Reducing infant mortality rate during delivery is a global priority. Even with the existing activities that take place in hospitals, due to a lack of simple, effective, and accessible methods, this mortality reduction trend is slow(1). Poor quality of care in hospitals is known as a major influencing factor in the injuries associated with childbirth (2-4). According to World Health Organization (WHO) statistics, in 2010, 287,000 women died during pregnancy or delivery, three million infants died in the first month, and there were 2.6 million still births. 800 women die daily due to pregnancy or delivery complications. In general, two million deaths (mother, infant, or still births) occur during delivery or shortly afterwards (5). A great deal of these deaths occurs in developing countries.
According to WHO statistics, the mother mortality rate in Iran is 15-30 (average 21), 20 in Turkey, 56 in Brazil,12 in Canada, 21 in the USA, 8 in France in every 100,000 births (6). The infant mortality rate according to WHO statistics in 2011 in Iran was 14, nine in Turkey, ten in Brazil, four in Canada, four in the USA, two in France, six in Russia in every thousand births (7). Studies show that the improvement of quality care during and after birth can save both the mother and infant (8).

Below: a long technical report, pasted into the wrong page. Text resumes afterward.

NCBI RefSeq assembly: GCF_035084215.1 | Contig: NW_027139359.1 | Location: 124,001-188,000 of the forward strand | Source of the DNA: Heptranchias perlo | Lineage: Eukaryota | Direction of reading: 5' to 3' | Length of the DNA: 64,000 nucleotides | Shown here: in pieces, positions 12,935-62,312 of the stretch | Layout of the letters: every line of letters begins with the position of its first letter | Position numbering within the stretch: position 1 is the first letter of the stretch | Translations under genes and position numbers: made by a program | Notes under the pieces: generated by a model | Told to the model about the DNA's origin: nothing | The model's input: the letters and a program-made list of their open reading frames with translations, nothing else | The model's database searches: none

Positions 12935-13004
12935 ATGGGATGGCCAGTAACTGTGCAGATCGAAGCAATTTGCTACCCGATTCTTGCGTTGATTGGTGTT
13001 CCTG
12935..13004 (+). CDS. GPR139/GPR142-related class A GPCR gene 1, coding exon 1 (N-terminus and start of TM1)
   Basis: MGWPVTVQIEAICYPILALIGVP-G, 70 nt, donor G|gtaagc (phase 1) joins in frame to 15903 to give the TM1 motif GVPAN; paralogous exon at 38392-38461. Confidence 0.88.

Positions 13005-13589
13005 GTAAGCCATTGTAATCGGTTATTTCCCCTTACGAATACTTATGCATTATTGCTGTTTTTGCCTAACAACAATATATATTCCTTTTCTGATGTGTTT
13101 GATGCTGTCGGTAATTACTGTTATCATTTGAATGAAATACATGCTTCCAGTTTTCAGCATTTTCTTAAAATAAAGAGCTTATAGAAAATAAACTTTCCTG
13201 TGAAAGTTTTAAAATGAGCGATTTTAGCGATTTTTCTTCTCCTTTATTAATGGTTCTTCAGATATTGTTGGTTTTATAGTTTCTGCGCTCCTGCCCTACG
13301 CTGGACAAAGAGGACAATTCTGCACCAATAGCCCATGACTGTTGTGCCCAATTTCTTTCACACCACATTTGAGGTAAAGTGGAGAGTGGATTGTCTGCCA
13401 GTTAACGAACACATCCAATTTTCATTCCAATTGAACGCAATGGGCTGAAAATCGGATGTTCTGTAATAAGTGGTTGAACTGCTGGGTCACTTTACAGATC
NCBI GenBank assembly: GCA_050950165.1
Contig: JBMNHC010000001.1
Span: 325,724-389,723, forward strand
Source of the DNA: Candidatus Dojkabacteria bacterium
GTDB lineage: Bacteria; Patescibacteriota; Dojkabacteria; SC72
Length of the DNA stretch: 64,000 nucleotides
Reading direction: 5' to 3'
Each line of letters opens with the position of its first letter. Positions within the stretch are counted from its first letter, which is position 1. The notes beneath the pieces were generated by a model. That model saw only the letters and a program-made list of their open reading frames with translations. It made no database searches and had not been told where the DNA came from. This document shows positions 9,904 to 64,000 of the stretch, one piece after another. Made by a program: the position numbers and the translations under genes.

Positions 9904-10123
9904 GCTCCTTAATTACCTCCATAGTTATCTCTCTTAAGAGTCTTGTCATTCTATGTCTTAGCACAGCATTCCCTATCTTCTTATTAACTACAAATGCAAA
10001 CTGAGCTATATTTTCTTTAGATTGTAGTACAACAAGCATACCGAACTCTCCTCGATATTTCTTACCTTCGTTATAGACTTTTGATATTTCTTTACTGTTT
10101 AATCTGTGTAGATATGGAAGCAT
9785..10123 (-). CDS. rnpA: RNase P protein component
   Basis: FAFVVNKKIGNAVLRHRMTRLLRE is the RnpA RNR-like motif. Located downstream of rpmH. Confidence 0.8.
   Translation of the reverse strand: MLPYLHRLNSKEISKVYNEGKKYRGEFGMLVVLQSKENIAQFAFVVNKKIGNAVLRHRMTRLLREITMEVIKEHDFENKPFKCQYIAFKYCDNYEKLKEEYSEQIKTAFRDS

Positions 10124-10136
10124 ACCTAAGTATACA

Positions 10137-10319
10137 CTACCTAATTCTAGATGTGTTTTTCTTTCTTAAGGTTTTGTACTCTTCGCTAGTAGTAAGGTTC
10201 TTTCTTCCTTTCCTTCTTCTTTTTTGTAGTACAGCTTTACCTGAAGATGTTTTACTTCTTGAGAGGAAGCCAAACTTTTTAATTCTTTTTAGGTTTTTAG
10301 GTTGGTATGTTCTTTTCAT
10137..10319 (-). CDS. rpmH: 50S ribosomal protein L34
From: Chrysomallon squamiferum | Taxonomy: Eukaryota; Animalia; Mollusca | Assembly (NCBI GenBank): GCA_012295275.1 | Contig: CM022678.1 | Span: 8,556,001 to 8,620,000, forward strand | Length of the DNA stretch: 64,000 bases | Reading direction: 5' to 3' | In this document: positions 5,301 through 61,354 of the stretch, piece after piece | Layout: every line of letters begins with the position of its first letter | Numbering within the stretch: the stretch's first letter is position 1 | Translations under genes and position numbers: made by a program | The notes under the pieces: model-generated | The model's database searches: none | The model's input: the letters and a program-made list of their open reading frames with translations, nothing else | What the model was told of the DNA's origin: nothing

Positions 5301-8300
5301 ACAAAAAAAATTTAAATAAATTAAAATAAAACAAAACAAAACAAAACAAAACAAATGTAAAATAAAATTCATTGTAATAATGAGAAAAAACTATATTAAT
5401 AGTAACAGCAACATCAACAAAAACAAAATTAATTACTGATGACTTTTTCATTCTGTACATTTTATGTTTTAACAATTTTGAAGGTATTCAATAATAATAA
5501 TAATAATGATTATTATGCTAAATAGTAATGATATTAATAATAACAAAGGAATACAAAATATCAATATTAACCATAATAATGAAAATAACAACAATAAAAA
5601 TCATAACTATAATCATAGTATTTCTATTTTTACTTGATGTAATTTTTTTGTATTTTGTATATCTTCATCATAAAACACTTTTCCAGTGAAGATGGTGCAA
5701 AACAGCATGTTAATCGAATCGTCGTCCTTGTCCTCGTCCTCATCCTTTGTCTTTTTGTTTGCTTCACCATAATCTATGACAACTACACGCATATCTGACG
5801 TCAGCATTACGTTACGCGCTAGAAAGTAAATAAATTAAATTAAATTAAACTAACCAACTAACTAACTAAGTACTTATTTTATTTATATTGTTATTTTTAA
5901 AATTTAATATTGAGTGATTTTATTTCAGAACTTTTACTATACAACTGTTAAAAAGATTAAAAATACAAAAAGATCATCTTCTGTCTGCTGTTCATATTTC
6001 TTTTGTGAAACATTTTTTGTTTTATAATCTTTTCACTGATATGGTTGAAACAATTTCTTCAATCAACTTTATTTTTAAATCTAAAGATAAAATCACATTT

In recent years, the use of a safety or medical checklist was recommended as a tool to improve the care and outcome of patients (9). These checklists were used as a preventive method of forgetting the key activities necessary during delivery. The majority of studies showed that the implementation of these checklists significantly advanced patient safety (10).
The success of implementing these checklists depends on personnel, training, outcome measurement, and environmental specifications (10). Some studies showed no difference in whether or not these checklists were used (10). Despite the wide range of success rate in checklist-based processes, Checklist-based approach in managing the confinement process seems a rational choice for a number of reasons: Major causes of maternal prenatal mortality have been identified and can be prevented. In fact, most of these deaths tend to occur in an anticipated time (intrapartum till the first 24 hours postpartum) (11). International evidence-based clinical guidelines have been devised and provide the optimum approach in this regards.